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Definition: An isolated mountain that outs from and over its surrounding landscape.

Pronunciation: MO-nad-nock

Origin: Adopted into the English language in the 18th century from a native American language – possibly the Algonquin or Abenkai language. From Mount Monadnock in New Hampshire, USA.

Why this word?

I have always enjoyed visiting historical sites. Ireland, as it happens, is full of isolated sites built upon monadnocks. Anyone who’s ever seen the Rock of Cashel, the Rock of Dunamase or climbed the Sugarloaf Mountain to the south of Dublin City (see pic) will instantly understand the word monadnock. The Devil’s Tower in Wyoming is a classic example of a monadnock and will be instantly recognised by any fans of the movie Close Encounters of the Third Kind.

Monadnock is an unusual example of a word crossing over from Native American languages into English. There are other examples – chipmonk and moose are probably the two best known – but it is clearly an underutilized word source. Any vein that can produce a word like monadnock needs to be tapped again.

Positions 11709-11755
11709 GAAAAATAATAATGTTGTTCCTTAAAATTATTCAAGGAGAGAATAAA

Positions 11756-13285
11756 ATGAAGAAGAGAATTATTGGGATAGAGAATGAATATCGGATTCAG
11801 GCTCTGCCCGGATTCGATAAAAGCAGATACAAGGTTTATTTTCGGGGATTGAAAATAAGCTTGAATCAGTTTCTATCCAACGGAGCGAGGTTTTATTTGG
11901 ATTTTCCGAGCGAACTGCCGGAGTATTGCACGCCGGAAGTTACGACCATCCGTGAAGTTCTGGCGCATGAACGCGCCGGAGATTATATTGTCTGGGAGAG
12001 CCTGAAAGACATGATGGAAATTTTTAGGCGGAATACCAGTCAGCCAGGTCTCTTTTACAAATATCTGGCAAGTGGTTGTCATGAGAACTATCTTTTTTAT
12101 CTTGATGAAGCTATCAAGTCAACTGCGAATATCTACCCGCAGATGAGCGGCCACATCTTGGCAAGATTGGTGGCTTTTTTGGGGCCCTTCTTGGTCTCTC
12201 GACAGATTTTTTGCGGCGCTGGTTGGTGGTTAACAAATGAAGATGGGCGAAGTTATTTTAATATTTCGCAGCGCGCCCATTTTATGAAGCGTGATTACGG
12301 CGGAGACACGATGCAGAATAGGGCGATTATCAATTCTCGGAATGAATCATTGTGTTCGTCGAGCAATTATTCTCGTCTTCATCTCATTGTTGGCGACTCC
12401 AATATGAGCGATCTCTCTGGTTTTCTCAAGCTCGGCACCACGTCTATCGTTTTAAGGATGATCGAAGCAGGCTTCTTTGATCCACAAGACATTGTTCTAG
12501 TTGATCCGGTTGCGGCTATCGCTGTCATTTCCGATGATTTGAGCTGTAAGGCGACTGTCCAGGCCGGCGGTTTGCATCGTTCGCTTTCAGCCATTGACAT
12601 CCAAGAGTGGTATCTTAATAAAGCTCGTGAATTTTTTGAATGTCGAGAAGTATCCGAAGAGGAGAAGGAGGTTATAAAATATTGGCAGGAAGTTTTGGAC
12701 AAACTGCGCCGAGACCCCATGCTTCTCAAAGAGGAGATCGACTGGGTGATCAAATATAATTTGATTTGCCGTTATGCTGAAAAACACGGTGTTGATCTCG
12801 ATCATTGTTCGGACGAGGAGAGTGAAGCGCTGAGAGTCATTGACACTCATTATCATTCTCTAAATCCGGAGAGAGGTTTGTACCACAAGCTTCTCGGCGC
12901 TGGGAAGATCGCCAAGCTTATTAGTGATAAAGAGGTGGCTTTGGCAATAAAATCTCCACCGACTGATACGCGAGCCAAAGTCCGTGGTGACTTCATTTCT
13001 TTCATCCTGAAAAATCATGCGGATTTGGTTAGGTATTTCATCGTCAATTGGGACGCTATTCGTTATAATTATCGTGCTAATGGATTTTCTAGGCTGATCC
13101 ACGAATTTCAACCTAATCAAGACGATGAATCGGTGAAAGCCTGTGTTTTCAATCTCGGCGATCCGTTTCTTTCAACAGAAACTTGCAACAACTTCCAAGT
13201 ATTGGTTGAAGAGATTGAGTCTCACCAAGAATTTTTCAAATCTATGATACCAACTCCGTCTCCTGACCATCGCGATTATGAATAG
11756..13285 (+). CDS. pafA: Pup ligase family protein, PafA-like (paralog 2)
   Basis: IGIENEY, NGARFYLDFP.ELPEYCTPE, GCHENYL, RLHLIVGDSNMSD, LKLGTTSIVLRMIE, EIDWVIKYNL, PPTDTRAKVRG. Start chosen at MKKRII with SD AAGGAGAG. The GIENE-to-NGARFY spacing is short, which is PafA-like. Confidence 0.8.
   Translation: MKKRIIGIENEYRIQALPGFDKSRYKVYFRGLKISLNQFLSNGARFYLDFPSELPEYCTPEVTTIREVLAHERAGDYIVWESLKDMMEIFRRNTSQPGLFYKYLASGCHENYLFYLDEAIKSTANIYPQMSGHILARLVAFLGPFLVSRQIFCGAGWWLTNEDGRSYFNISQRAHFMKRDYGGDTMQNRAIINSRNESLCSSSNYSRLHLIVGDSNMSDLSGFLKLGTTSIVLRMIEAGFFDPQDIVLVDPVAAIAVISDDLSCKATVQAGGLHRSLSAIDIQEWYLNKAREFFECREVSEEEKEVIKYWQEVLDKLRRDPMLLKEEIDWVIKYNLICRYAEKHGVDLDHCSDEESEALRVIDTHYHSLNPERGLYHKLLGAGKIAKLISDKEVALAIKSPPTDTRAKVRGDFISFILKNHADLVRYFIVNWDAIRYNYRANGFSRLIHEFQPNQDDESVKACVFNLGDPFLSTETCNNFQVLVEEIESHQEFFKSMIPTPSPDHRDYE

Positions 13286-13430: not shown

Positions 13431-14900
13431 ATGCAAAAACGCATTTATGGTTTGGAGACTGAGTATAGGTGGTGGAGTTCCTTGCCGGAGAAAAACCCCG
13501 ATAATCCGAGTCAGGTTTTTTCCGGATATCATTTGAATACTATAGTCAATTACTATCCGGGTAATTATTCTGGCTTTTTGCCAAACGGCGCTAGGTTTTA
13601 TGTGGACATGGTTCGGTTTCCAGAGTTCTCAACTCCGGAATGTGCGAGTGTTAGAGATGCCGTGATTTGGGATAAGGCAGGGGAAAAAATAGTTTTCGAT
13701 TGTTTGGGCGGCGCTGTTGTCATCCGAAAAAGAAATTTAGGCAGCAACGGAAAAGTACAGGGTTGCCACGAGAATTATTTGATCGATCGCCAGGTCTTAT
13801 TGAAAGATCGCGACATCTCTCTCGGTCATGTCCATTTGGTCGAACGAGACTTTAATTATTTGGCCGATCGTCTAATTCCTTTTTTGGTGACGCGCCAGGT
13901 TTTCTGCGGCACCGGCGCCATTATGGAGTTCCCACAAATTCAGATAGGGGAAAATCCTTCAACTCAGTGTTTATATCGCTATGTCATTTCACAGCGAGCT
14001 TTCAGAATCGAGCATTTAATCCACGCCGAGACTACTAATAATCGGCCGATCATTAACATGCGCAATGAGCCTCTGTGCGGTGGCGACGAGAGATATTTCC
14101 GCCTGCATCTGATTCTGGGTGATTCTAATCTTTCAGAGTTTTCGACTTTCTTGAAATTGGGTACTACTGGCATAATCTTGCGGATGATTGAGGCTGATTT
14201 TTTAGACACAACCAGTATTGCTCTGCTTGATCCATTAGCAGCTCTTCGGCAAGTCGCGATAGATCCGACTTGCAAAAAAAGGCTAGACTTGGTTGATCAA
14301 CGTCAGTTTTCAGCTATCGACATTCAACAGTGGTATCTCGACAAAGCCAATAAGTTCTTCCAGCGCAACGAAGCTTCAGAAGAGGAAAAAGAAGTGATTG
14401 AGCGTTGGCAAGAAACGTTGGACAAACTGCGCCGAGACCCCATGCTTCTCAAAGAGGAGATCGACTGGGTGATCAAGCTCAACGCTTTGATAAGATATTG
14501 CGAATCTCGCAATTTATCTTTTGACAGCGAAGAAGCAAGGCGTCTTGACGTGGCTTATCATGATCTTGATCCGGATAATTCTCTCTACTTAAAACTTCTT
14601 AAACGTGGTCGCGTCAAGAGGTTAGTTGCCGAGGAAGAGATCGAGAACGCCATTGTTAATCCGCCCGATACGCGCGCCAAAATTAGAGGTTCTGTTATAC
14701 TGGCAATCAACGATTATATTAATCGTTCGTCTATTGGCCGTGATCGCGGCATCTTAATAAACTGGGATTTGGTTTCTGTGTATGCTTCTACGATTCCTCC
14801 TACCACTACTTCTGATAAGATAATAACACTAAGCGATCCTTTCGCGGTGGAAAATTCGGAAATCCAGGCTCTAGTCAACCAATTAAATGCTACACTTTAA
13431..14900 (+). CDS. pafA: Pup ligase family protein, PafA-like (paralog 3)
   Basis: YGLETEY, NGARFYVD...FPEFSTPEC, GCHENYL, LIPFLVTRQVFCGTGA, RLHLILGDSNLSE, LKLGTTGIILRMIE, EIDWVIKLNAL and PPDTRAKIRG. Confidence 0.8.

How to use this word in a sentence?

Save this one for travelling. When you return from Rio in Brazil and you meet your friends to swap stories of their trip to Rio, ask them did they climb the monadnock to see the statue of Christ…


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Written by Sean Carabini

Seán Carabini is a Dublin-based author. To date, Seán has written the humorous travel memoirs 'Sticking Out in Minnesota' and 'American Road', as well as 'American Road: The poems' - a book of travel poetry related to the memoir. Seán has also developed a podcast based on the book - subscribe to the American Road podcast today! Seán is a committee member of the Irish Writers' Union.

Chrissy Skelton is Seán Carabini's editor. A graduate of the University of Minnesota's Anthropology programme, Chrissy emerged armed with an arsenal of little-known words and cumbersome jargon - all of which will now be off-loaded onto 'unusedwords' readers!


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